When Amber Rose first started her own SlutWalk three years ago, she was hailed as an "unlikely feminist hero." Ahead of this year's event, she tells Broadly why her advocacy was never really unlikely at all.
Photos courtesy of Amber Rose SlutWalk
When Amber Rose launched her SlutWalk, a festival and march aiming to "impact and upift, while shifting the paradigm of rape culture," many people dismissed her. A former exotic dancer who rose to fame while dating Kanye West, Rose was defending women's right to express sexuality on their own terms while tabloids questioned if she was "hurting her own cause" and trolls told her to "drop all that feminist rubbish." Though she attracted ire and ridicule from both sides of the aisle, much of America agreed with Rose—and over 2,000 people showed up to her event in Los Angeles. Now on its third iteration, Rose's SlutWalk has transformed into an annual feminist gathering. This year, she's hired a staff of 35 people in downtown LA and teamed up with the University of Southern California to host a conference and panels covering topics like safe sex and self-defense.
Rose estimates that 20,000 people will attend this year's festivities, proving the model and actress to be an extremely effective feminist organizer. She spoke to Broadly about the challenges she's faced planning SlutWalk over the years, the current state of feminism, and why she really wants to march with First Lady Melania Trump.
BROADLY: There's been a lot of marches this year, from the Women's March to the Juggalo March. Do you feel like your SlutWalk was ahead of the curve?
AMBER ROSE: Absolutely! I don't want to take credit. There have been SlutWalks going around the world before I started my SlutWalk, but because my platform is so big, it brought a lot of attention to what is going on. The Women's March in LA was literally the SlutWalk.
Does the SlutWalk feel more vital with President Donald Trump in the White House?
There's a lot of new feminists: male feminists, female feminists, transgender feminists. People from all walks of life are not dealing with that shit any more. Because of social media, a lot of people have a voice now. We're not taking it any more. We have the opportunity to live in a country where there is freedom of speech.
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Have some issues gotten better despite Trump?
It's definitely gotten more awareness. There are a lot more protests against racism and sexism. People just aren't taking that anymore because Trump is in office. [Look at] how he treats his wife! I'm a huge fan of Melania [Trump]. I just feel like I can't wait for her to get away from him and have her at my SlutWalk. She's so trapped in that situation where she doesn't want to be there. I wish she'd take control and leave his ass. That is going to be a great day.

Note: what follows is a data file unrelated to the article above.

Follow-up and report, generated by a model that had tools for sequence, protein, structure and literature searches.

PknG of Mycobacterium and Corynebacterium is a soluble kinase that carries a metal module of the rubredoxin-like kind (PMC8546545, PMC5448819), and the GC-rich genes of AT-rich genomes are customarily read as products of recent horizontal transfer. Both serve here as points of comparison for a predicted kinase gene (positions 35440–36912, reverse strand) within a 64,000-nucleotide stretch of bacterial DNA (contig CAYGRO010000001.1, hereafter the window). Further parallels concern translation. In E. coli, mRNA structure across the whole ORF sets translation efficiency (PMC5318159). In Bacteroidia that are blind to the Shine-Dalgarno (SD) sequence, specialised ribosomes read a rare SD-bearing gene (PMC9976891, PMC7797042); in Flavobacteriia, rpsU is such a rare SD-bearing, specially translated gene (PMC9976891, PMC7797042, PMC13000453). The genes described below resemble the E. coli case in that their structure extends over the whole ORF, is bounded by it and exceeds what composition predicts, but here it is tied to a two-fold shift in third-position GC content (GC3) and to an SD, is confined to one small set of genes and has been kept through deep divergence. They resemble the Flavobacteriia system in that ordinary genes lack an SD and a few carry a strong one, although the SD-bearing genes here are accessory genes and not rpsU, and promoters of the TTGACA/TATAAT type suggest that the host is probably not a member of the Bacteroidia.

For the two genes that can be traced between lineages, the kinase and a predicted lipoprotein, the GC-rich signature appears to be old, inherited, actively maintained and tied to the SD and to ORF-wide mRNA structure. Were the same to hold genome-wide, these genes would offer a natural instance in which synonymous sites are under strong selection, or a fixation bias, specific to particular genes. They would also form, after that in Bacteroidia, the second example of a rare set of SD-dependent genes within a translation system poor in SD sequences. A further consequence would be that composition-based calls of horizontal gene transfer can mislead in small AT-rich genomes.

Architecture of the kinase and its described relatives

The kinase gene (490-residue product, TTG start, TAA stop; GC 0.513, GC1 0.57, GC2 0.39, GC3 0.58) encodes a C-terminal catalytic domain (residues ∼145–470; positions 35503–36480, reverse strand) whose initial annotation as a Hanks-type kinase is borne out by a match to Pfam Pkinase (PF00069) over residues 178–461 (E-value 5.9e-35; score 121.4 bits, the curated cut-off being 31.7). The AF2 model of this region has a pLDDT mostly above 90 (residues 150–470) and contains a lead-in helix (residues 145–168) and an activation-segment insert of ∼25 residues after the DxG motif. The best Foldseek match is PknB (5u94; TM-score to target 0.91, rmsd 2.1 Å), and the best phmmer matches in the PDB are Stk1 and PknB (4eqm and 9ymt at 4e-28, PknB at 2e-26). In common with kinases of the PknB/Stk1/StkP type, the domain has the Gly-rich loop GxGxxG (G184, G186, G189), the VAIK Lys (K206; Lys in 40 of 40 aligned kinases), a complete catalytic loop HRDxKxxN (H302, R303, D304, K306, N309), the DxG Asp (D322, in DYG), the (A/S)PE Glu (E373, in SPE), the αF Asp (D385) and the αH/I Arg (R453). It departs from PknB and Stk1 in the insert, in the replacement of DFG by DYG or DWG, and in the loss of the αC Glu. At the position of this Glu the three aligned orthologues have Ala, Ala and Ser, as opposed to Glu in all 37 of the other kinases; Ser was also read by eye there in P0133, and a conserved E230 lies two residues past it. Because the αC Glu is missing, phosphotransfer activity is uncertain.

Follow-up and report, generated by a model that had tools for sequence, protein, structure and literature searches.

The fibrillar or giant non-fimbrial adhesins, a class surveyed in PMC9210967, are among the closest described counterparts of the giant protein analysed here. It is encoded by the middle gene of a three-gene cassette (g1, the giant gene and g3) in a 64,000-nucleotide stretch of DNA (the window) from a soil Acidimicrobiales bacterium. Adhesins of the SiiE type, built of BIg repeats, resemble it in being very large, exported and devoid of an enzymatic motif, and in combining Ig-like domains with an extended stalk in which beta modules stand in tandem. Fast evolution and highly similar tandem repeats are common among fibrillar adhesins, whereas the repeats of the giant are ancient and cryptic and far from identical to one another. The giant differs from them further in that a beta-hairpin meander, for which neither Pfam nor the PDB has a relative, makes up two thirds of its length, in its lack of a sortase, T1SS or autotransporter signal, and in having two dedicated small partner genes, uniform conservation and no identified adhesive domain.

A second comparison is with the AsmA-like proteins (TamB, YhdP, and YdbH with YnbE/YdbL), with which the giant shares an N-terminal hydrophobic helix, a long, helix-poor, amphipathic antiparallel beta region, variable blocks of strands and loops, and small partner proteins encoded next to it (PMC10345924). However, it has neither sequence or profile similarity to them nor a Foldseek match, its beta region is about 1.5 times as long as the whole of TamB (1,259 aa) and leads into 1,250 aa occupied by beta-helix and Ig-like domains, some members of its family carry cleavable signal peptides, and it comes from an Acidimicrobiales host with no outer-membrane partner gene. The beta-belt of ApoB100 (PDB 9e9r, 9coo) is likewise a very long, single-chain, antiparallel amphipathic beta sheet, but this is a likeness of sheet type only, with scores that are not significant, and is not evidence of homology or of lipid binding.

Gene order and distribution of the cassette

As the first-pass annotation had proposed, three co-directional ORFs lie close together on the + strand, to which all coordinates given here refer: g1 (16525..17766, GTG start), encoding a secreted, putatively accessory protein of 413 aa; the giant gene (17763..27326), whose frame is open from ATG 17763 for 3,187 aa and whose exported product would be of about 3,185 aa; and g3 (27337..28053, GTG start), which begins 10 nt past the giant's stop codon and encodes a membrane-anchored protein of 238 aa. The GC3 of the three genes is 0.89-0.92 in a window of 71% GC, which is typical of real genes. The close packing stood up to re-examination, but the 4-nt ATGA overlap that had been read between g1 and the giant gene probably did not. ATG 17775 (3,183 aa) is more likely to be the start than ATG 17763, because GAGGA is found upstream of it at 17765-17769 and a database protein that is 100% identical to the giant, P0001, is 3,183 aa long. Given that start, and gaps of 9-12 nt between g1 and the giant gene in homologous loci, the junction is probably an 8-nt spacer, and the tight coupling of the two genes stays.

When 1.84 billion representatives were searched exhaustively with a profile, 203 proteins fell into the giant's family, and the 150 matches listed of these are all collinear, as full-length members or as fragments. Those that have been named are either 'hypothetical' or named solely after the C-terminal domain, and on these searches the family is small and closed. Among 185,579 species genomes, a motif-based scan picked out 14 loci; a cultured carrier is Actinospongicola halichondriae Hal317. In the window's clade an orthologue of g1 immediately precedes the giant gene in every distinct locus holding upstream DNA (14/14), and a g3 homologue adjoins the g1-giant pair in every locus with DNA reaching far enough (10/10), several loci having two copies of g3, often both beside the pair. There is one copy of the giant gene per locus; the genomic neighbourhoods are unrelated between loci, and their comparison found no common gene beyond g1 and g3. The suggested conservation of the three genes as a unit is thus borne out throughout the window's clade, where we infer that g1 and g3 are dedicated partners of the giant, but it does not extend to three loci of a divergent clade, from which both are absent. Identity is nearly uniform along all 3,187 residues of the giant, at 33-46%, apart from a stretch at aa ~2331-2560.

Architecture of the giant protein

How hard was it to launch the SlutWalk?
The first year, just based on the name alone, nobody wanted to work with me. No companies wanted to work with me. Media outlets wanted to down me. I couldn't get any sponsors. I asked everyone I [knew] who had money to give me money. Nicki Minaj gave me $5,000. Nick Cannon gave me $14,000. Jeffree Star gave me $2,000. Ne-Yo gave me $2,500. A couple basketball players and their wives donated—it was a lot of people that had money. My fans donated me $10 here, $15 there. It was grassroots. We need toilets. We need staging. We need security. We need a safe space for you to come and where what you want. That costs a lot of money. A lot of people did a lot of stuff for free.
Who are your feminist idols?
My mom. Gwen Stefani. Gloria Allred and her daughter Lisa Bloom. I just live for a press conference! I'm all about that shit.
How has your background influenced your role as something of a civil rights leader?
I was a regular girl in Philly. I grew up very poor. I've been through the same things I speak about—that's the reason I have my SlutWalk ... It's not like I'm sitting here trying to get a check. I don't get any money from [SlutWalk]. I work my ass off to put this on. I lived it. I can speak on things that someone who hasn't fully lived everything can't speak on.
I can't take full credit. I have a full team of people. We started SlutWalk with four girls that were just amazing and really understood what we were trying to do, 32 women, a full SlutWalk office in LA, 24 interns. I have a lot of people that jumped on board in the three years. Another thing too: I don't give a shit what people think about me. I'm going to fight the feminist fight, and I don't care who doesn't like it. I'm gonna continue to do it anyway. Maybe some people are more concerned with their image and what their publicist tells them to do.
Revenge porn has been a big discussion topic in the news—will that be addressed at this year's SlutWalk?
Absolutely! That happened to me in 2011. My pictures were leaked all over the internet. I just had to sit there and cry. Someone that is so close to me it just happened to her, so [it will be discussed at the March]. We're touching on everything at the conference.
Are you underestimated?
I'm the underdog for sure. Because I was a dancer, people don't think I'm smart and articulate and capable of doing great things. That's cool. I like to change people's minds. I get off on that.